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IBM Global Technology Services: New Leader, New Revenue?

Published
  • November 05 2014, 1:09am EST

When Martin Jetter takes over IBM Global Technology Services on Jan. 1, 2015, will he be able to jumpstart the business unit's revenue? Or is the classic IT services revenue model due for an overhaul amid cloud and on-demand applications?

IBM CEO Ginni Rometty announced the IBM Global Technology Services leadership change in an internal online memo. When Jetter moves into IBM top services slot, his predecessor -- Erich Clementi -- will move to a new role that has yet to be announced, according to The Wall Street Journal.

Word of the services shakeup comes less than a month after Rometty abandoned IBM's 2015 financial goal of $20 per share earnings. The shift from traditional hardware and software toward cloud and mobile apps essentially made it impossible for IBM to reach that original profit goal, set by Rometty's predecessor Sam Palmisano. While abandoning the profit goal, IBM in October also punted major chip operations to GlobalFoundaries.

Meanwhile, IBM is trying to show strength -- or progressive changes -- in multiple ways. In a nod to the shift from on-premises hardware running complex applications, IBM announced a range of Big Data cloud moves last week.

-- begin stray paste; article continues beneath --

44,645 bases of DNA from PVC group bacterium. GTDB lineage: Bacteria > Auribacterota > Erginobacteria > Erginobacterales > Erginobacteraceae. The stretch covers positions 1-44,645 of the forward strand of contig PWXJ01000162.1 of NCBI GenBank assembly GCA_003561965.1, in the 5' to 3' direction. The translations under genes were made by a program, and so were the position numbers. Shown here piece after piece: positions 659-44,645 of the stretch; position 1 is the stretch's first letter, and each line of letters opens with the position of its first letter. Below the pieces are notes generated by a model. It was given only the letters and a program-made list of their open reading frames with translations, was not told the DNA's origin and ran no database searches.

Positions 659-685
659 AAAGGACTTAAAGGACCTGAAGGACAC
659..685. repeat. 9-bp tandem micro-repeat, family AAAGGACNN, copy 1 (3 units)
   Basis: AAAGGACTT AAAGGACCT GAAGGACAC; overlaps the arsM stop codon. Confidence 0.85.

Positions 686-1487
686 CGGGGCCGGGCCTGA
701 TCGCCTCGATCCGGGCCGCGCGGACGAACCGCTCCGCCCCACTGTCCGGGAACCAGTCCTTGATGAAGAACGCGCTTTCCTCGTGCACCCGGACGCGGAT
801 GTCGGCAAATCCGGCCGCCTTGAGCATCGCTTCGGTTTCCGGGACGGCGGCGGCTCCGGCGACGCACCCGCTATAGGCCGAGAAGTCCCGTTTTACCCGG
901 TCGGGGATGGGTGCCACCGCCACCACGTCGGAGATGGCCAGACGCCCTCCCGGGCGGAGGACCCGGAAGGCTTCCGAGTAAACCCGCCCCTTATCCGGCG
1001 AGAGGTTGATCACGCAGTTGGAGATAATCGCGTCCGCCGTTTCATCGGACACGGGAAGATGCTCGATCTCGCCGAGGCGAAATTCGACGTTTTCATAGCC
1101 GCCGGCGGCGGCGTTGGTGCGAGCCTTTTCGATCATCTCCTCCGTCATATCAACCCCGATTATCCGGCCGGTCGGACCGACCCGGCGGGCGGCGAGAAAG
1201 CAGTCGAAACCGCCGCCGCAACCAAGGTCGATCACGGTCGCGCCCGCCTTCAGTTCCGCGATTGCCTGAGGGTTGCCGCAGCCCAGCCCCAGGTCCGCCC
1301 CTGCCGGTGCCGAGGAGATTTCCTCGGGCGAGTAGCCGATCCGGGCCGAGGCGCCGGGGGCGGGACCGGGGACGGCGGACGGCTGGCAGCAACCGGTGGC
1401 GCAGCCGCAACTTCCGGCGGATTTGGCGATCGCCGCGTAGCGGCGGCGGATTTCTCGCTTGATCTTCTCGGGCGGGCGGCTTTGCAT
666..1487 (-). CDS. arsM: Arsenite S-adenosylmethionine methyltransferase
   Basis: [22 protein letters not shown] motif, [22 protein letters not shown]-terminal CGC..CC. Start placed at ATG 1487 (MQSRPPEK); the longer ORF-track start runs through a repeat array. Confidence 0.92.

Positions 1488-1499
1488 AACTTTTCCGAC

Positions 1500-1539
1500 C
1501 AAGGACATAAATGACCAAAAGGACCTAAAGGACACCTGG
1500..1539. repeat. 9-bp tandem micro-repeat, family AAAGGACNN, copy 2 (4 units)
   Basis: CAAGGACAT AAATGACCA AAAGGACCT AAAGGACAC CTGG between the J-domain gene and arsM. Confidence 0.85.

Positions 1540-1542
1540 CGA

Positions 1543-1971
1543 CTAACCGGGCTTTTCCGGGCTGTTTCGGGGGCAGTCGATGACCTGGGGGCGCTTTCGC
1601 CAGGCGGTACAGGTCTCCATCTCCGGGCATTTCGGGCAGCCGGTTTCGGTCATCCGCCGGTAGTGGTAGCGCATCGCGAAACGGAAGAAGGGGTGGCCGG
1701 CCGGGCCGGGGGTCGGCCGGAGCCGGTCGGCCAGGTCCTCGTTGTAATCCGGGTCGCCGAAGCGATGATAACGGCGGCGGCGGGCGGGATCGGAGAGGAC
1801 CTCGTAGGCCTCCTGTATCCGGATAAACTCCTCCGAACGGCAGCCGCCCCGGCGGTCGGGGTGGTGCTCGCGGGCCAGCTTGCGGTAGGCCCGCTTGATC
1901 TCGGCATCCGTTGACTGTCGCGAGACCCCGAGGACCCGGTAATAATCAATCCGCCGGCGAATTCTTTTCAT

Reinventing IBM Global Technology Services

Now, the bigger challenge: On the one hand, it's obvious that IBM must push cloud and mobile apps to offset traditional hardware and software sales challenges. On the other hand, the path forward for IBM Global Technology Services is less obvious -- since many traditional on-premises consulting projects could disappear into the cloud.

For its Q3 2014, IBM Global Technology Services revenue was $9.2 billion, down 3 percent from Q3 2013. Rometty is calling on Jetter -- who has a strong track record in IBM's Japan -- to figure out a fix.

But here's the thing: It seems like most of the major IT consulting companies are struggling to grow revenues as big CRM and ERP projects -- which used to required multi-year engagements -- are replaced by cloud projects that take days, weeks or months.

How can IBM continue to monetize its global services amid the market changes? Jetter will get his chance to solve that riddle starting in January 2015.

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